When using a real estate agent to facilitate the sale of a home, most people are understandably concerned about the cost of their services. Real estate agents charge a percentage of the total sales price of a home as compensation for their services.
As licensed professionals, real estate agents can help sell your home quickly, and for the highest sales price possible. But with traditional real estate agents charging an average of 6% of the total sales price, is there a cheaper alternative?
Full-service, low-commission real estate agents do precisely what their name suggests — provide the full services of a traditional real estate agent, but for a lower price.
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What are realtor fees?
Realtor fees are the commission that a real estate agent charges for facilitating the sale or purchase of a property. When you hire an agent to help you sell your home, or procure a new one, they typically take a percentage of the sales price as compensation for the services.
These services typically include listing your home on the local MLS and other real estate websites, putting up "For Sale" signs at your home, hosting open houses, distributing marketing materials and email campaigns, negotiating with potential buyers, and preparing the sales contracts.
While you agree on the amount of commission with your listing agent, they will split it with the buyer's agent at closing. The commission rate and how it will be divided is typically outlined in the listing agreement and sales contract.
Do realtor fees cover closing costs?
It is important to note that the realtor commissions do not cover closing costs. For example, sellers also have to pay transfer taxes to transfer the ownership of their home, and title fees such as title insurance, to protect the buyer in case any title issues arise after closing.
Sellers also have other things to consider buyer credits that was negotiated during the sales contract and loan-payoff fees, if your loan terms include one.
Buyers, on the other hand, must consider the costs associated with their financing and purchase of the home, such as the loan origination fee, appraisal, and title insurance to protect the lender.
Another cost for buyers to consider, is the home inspection. A home inspection helps give buyers an overview of the home's condition, and any repairs that may be necessary.
Here are some other closing costs that buyers and sellers should expect to pay at the closing table.
- Title search: Sellers need to prove they are the legal owner of a home before selling it. Title searches establish ownership and that there aren't outstanding liens on the property.
- Title insurance: The seller and buyer both purchase title insurance for the property. Sellers buy a policy to protect the buyer in case there are title issues after the deal closes.
- Transfer taxes: Transfer tax is the fee some states charge to legally exchange ownership of property. This varies from state to state and even county to county.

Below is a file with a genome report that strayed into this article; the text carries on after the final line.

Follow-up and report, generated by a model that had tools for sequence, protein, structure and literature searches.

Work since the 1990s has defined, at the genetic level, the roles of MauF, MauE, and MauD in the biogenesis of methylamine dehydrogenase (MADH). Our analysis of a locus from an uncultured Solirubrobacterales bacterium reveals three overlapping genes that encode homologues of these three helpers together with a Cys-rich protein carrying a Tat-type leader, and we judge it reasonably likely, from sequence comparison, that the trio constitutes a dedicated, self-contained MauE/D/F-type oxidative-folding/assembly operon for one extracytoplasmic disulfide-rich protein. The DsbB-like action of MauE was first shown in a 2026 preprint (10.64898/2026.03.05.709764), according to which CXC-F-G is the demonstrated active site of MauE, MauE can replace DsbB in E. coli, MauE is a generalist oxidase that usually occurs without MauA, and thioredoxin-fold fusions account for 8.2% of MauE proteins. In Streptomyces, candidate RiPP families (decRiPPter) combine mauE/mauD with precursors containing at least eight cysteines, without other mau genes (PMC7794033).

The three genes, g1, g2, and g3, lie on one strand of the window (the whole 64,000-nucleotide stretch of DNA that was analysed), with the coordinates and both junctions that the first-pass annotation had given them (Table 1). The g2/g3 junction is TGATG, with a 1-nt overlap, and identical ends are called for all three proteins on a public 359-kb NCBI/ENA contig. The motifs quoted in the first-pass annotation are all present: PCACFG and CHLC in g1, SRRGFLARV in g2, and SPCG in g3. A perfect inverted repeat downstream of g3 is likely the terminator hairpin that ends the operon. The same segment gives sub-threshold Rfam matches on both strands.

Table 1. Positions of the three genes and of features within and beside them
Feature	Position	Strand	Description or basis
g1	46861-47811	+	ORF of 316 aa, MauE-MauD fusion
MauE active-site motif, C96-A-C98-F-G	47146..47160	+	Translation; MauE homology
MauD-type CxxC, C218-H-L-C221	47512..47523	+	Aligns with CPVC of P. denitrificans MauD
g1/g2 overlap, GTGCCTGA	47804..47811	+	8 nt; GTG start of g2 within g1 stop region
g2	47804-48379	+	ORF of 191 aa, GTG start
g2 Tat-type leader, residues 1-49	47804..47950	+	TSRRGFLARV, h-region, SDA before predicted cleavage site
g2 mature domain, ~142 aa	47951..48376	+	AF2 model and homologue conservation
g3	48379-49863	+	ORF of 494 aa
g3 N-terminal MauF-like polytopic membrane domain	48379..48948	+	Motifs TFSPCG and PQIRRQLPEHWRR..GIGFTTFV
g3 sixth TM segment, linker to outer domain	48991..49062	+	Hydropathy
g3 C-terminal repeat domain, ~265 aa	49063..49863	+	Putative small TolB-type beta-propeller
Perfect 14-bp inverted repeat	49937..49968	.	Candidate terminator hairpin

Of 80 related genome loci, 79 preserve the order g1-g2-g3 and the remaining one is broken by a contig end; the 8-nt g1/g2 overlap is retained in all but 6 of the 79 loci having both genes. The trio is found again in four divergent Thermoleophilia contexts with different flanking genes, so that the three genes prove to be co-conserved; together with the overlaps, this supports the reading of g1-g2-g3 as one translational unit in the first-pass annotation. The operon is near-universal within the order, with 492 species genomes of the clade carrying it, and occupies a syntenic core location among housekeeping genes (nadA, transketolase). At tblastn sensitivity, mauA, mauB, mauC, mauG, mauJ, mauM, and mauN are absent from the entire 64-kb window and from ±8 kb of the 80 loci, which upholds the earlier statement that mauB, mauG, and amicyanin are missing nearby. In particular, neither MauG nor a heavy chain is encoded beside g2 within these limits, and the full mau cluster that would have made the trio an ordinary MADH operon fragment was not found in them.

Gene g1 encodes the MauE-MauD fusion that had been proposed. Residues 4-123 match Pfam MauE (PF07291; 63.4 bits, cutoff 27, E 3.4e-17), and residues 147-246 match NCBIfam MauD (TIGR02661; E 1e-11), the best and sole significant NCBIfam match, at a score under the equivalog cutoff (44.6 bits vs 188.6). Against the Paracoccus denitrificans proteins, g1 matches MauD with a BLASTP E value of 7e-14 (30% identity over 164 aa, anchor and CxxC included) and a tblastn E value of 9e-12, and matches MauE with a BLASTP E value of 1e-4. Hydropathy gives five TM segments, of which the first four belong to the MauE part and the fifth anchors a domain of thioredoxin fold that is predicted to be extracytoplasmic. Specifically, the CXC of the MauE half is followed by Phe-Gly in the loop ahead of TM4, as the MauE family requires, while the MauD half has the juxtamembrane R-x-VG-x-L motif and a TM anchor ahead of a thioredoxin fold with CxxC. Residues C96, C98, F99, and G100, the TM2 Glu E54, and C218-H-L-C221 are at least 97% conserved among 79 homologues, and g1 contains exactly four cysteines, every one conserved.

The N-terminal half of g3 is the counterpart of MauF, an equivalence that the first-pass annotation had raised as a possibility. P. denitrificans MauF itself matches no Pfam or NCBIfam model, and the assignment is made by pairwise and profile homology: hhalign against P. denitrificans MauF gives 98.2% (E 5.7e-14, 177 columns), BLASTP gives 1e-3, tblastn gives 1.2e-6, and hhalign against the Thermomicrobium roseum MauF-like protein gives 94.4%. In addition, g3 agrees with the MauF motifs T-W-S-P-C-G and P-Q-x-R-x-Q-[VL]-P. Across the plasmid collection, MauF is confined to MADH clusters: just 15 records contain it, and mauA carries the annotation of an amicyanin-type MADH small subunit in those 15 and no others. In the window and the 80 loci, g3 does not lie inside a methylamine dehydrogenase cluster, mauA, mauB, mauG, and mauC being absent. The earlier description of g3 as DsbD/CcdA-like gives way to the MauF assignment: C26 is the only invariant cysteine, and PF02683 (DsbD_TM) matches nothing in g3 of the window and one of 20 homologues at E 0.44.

- Recording fees: Recording fees are typically paid to the local government to record the sale of property.
- Mortgage prepayment penalty: If you have an existing loan on your home, there may be a prepayment penalty in the loan terms if you pay it off early.
- Outstanding amounts owed on the property: Outstanding costs such as prorated property taxes, will also be included in sellers closing costs.
- Title search: Sometimes buyers need to cover the title search which ensures that the title of the property you are purchasing is free and clear.
- Title insurance: If you're financing the purchase of your home, the lender typically requires you to purchase title insurance that protects them from title issues that may arise after closing.
- Appraisal: Your lender requires you to pay for an appraisal, which is a professional opinion of the value of a home. The result of the appraisal can impact your financing, as your lender will not let you borrow more than the value of the house.
- Transfer taxes: Depending on where the property is located, buyers may be required to pay the transfer taxes to transfer the ownership of the property from the seller.
- Recording fees: The county often charges recording fees to record the sale and purchase of real estate.
What are average realtor fees?
Although real estate commission varies regionally, the average real estate commission in the U.S. is 6% of the total sales price. This is split between the listing agent and the buyer's agent, who both usually receive 3%.
It's prudent to note that realtor fees can vary across different real estate markets and between brokerages. Even two real estate agents at the same office can charge separate commission rates, so it's essential to ask agents you're planning to work with how much their services cost.